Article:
Amid construction work that saw workers lathering white paint onto purple drywall inside, Department of Social Services Commissioner Steven Banks and Bowery Residents Committee CEO Muzzy Rosenblatt took reporters on a tour of an impending homeless shelter doubling as an affordable housing complex off Fordham Road.
The move comes amid outrage by shareholders of a local cooperative complex upset over what they claim was a subpar way of informing the community of a new shelter.
“This is a Band-Aid approach to the bigger issue, which is mental health–the number one issue most likely plaguing a lot of the homeless men and joblessness,” said Rachel Bradshaw, the board vice president of the Fordham Hill Cooperative.
Bradshaw favors a shelter, though one that caters to either Vietnam veterans, the elderly, or domestic violence survivors.
The residence is a part of a longstanding initiative to close 360 homeless shelters and cluster site apartments in the city even as the homeless population has swelled over the last few years. In an increasingly expensive city, Mayor Bill de Blasio has placed finding homes for the downtrodden a priority, emphasizing that everyone in the city do its part.
The project, located at 233 Landing Rd. off West Fordham Road, is designed to house both affordable housing residents and homeless men who are originally from the Bronx. It sits across the street from Salsa con Fuego and Extra Space Storage.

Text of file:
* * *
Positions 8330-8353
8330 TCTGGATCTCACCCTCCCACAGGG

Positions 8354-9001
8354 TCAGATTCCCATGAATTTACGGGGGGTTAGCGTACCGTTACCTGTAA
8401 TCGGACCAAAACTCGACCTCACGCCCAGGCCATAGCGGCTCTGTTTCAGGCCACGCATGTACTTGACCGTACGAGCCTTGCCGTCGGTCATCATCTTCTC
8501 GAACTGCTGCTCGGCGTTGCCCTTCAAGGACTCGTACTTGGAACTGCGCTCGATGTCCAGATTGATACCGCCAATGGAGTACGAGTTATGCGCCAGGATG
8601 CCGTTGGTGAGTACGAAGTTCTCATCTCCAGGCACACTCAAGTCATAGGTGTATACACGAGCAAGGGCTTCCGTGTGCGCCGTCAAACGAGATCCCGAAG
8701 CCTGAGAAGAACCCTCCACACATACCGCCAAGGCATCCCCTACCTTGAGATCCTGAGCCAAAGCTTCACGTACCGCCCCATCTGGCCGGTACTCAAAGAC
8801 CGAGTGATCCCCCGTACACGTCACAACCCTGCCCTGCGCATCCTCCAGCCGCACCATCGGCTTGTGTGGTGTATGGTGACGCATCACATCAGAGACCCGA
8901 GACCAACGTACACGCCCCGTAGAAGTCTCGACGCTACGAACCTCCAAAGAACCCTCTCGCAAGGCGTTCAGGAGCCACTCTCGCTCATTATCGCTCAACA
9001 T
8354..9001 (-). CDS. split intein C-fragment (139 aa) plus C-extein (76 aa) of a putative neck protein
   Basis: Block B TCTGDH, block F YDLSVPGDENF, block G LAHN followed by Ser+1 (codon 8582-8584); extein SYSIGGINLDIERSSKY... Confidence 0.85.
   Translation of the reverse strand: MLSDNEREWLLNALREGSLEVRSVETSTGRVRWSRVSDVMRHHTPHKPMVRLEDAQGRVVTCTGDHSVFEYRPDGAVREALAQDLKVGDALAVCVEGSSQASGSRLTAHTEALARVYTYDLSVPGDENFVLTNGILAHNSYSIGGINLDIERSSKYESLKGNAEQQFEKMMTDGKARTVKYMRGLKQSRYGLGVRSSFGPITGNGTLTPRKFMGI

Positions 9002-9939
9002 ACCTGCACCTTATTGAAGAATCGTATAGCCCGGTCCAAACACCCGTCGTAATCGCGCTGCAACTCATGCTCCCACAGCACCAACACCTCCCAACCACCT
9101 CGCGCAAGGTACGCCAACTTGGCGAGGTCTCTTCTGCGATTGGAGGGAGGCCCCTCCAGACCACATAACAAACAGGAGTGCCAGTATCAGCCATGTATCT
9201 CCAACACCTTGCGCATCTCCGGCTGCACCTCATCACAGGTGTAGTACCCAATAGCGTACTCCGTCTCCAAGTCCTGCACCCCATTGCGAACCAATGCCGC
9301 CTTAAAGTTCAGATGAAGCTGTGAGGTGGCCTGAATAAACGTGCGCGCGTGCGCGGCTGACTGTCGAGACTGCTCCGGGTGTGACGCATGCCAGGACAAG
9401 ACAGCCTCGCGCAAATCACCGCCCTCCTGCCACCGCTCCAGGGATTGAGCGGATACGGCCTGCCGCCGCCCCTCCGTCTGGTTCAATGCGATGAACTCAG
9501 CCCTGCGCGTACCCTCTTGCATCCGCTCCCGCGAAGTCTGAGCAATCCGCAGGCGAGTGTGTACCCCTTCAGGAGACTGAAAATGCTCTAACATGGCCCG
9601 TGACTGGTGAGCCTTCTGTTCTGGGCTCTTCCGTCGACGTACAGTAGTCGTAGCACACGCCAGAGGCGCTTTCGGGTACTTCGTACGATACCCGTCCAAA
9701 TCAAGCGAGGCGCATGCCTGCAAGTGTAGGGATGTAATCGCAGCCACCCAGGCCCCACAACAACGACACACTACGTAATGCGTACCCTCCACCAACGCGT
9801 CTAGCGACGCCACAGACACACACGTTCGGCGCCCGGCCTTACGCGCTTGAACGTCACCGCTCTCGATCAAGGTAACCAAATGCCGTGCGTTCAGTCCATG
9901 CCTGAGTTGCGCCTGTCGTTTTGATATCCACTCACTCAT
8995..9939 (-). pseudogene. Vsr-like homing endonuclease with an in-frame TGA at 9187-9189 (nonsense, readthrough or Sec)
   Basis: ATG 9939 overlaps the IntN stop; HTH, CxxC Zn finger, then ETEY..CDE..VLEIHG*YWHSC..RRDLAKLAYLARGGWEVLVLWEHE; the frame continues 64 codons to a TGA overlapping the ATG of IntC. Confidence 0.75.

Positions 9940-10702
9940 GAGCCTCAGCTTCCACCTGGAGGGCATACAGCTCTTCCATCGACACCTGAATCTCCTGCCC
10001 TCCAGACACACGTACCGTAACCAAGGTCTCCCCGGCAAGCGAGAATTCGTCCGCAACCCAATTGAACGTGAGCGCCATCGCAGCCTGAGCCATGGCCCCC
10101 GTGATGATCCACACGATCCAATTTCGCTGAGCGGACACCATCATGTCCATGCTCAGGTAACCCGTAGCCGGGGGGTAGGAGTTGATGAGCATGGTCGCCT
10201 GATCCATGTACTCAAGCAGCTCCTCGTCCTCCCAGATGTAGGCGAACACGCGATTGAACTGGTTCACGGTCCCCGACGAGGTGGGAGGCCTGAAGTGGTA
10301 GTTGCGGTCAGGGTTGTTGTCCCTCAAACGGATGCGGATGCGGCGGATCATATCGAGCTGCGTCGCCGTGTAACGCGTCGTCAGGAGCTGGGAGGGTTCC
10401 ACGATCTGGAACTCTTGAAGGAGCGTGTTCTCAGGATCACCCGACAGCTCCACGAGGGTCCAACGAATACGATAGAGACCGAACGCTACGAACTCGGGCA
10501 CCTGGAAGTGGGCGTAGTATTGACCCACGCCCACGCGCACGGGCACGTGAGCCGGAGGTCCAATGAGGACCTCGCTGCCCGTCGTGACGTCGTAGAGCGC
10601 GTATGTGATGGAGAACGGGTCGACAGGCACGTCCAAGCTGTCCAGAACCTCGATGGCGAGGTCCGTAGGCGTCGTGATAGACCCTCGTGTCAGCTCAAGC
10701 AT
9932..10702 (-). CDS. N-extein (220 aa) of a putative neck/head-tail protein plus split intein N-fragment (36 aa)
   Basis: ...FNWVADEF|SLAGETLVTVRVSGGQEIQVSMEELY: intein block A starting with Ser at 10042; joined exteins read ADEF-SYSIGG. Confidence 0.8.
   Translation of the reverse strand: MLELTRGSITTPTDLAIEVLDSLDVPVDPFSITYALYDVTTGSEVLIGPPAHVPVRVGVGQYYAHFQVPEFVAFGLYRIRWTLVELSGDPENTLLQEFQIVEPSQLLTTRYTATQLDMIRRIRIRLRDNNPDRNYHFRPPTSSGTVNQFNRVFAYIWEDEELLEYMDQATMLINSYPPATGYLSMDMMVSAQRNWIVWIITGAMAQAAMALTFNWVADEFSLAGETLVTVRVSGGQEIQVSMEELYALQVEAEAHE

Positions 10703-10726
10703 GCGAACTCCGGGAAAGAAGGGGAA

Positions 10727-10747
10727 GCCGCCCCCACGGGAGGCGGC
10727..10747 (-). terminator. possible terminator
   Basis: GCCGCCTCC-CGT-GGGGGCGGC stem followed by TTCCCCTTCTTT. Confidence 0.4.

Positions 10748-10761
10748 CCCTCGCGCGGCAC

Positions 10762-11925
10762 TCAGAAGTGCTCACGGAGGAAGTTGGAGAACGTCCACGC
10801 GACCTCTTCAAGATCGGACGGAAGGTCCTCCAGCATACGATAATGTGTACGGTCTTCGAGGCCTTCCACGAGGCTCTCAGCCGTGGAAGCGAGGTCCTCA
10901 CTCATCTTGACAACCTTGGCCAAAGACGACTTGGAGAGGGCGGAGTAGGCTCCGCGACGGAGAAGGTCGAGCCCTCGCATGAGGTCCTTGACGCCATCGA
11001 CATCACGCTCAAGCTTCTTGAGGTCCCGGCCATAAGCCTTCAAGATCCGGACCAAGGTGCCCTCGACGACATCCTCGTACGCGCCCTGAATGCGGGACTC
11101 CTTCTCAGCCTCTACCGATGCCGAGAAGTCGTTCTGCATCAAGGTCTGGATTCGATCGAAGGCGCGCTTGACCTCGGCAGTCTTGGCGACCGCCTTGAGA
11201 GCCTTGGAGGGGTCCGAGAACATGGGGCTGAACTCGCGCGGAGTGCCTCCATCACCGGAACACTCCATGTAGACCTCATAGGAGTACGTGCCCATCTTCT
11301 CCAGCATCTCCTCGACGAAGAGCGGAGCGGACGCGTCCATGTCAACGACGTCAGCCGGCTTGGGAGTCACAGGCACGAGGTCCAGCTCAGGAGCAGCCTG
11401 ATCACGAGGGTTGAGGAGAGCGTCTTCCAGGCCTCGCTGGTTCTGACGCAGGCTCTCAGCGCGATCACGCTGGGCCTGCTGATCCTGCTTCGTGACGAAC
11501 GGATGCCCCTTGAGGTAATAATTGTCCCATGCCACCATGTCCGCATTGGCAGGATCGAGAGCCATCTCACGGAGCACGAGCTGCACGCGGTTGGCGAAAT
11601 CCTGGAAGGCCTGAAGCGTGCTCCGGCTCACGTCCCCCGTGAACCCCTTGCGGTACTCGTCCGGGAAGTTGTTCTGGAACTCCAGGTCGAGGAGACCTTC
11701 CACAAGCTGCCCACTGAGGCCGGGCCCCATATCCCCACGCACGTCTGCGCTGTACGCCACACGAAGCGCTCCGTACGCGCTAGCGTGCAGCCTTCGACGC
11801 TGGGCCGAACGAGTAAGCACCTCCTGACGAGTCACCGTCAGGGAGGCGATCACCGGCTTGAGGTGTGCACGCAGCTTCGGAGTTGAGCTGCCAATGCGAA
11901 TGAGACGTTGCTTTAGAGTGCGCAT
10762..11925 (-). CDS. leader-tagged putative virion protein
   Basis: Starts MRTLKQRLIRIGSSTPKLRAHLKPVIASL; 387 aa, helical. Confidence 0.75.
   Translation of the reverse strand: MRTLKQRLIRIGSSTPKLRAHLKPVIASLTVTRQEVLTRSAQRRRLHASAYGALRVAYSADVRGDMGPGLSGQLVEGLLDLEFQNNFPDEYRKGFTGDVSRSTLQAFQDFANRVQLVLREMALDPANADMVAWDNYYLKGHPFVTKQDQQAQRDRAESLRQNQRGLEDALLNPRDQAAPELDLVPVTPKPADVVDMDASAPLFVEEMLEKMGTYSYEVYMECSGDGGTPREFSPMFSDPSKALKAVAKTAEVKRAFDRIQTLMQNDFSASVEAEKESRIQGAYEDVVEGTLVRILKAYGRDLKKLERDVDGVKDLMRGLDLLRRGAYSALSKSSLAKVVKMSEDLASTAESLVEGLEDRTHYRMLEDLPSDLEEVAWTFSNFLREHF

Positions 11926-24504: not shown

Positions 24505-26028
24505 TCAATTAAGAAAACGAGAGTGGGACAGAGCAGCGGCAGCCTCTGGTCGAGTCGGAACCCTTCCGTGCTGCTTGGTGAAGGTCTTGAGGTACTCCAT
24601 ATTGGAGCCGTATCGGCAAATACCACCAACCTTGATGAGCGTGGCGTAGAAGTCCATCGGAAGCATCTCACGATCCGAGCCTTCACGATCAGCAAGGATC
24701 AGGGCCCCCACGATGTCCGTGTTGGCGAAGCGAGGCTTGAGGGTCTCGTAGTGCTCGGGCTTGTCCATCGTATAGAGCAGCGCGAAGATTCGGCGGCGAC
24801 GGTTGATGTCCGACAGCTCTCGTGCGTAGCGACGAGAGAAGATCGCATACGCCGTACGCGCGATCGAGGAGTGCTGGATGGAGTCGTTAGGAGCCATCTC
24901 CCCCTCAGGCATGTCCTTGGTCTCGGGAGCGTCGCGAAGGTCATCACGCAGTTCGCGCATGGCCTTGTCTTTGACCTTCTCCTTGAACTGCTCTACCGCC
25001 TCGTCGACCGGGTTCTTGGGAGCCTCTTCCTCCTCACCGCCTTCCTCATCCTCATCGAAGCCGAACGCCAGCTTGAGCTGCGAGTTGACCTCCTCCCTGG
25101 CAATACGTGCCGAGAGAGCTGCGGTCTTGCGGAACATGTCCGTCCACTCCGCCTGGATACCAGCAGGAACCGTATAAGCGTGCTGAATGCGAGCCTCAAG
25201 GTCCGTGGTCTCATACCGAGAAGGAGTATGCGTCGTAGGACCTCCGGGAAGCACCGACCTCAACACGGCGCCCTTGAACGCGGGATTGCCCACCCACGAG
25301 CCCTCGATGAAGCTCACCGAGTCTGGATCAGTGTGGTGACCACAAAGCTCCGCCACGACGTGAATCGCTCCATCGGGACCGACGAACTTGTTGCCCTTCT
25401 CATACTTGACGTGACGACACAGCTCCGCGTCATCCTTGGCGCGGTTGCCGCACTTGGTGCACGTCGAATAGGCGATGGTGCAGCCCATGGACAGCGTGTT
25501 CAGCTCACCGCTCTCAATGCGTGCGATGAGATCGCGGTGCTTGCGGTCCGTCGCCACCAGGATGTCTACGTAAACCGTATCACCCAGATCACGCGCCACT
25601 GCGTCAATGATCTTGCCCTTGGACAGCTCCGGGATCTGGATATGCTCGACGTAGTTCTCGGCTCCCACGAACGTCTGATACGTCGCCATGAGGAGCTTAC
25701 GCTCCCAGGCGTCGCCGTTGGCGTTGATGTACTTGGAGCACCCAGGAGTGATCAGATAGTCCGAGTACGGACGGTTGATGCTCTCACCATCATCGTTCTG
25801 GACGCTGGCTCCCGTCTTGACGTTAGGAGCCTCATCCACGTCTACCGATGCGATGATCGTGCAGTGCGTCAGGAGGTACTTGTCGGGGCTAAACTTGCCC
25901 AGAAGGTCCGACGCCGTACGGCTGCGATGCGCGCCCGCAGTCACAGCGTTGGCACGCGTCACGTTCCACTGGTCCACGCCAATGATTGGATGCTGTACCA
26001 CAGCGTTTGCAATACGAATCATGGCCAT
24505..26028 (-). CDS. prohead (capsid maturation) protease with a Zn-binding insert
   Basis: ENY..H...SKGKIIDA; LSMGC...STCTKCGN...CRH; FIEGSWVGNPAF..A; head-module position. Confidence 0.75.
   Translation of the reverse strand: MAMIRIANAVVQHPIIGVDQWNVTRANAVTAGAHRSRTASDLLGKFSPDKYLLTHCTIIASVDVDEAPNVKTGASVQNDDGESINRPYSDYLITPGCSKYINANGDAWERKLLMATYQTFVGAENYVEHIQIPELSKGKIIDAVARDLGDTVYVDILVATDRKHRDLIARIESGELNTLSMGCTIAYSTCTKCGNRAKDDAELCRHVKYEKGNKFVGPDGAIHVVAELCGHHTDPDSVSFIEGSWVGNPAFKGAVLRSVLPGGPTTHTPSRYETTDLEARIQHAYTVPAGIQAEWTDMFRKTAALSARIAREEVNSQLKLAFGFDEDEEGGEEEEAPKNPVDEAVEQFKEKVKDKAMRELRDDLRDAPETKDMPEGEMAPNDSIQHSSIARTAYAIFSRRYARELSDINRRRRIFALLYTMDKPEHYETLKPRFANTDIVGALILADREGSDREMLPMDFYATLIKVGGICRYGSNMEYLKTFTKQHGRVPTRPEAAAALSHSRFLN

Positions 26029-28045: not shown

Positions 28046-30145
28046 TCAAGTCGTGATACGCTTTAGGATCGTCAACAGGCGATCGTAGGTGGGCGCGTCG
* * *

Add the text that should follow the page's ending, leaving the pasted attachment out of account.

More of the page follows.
“It’s part of a new model that we think is a very important step forward for the shelter system to combine permanent-temporary housing in the same site,” said Banks during the tour.
The Community Preservation Corporation, Bank of America and Capital One are financing the project.
The first floor of the residence houses a laundry room and cafeteria-style kitchen. Outside the laundry room is a small exterior deck. The ninth floor will have a similar community deck and lounge area. Solar panels line the edge of the roof, overlooking the University Heights Bridge and Harlem River.
Although the development has two separate entrances, both shelter and housing residents have access to on-site BRC services like searching for job opportunities or developing workplace skills at the job center.
“Our goal is to make people independent and self-sufficient so that their experience in the shelter system is hopefully their last experience and one that prepares them to succeed,” said Rosenblatt.
Two-hundred shelter beds on the first through third floors are reserved for homeless men while affordable housing residents will occupy the third to ninth floors in either one of the 135 studio or one- to two-bedroom apartments. Studio apartments go for about $500 a month and most of the one-bedroom apartments are roughly $800 a month.
“Some folks are going to be putting down roots,” said Rosenblatt of the new housing development. “They’re going to be shopping across the bridge at Associated [Supermarket] just like our neighbors. They’re going to be raising their kids and sending them to school and playing to go play little league just like our neighbors.”
The project is slated to be completed in November, but Banks said it would open sooner if finished quickly.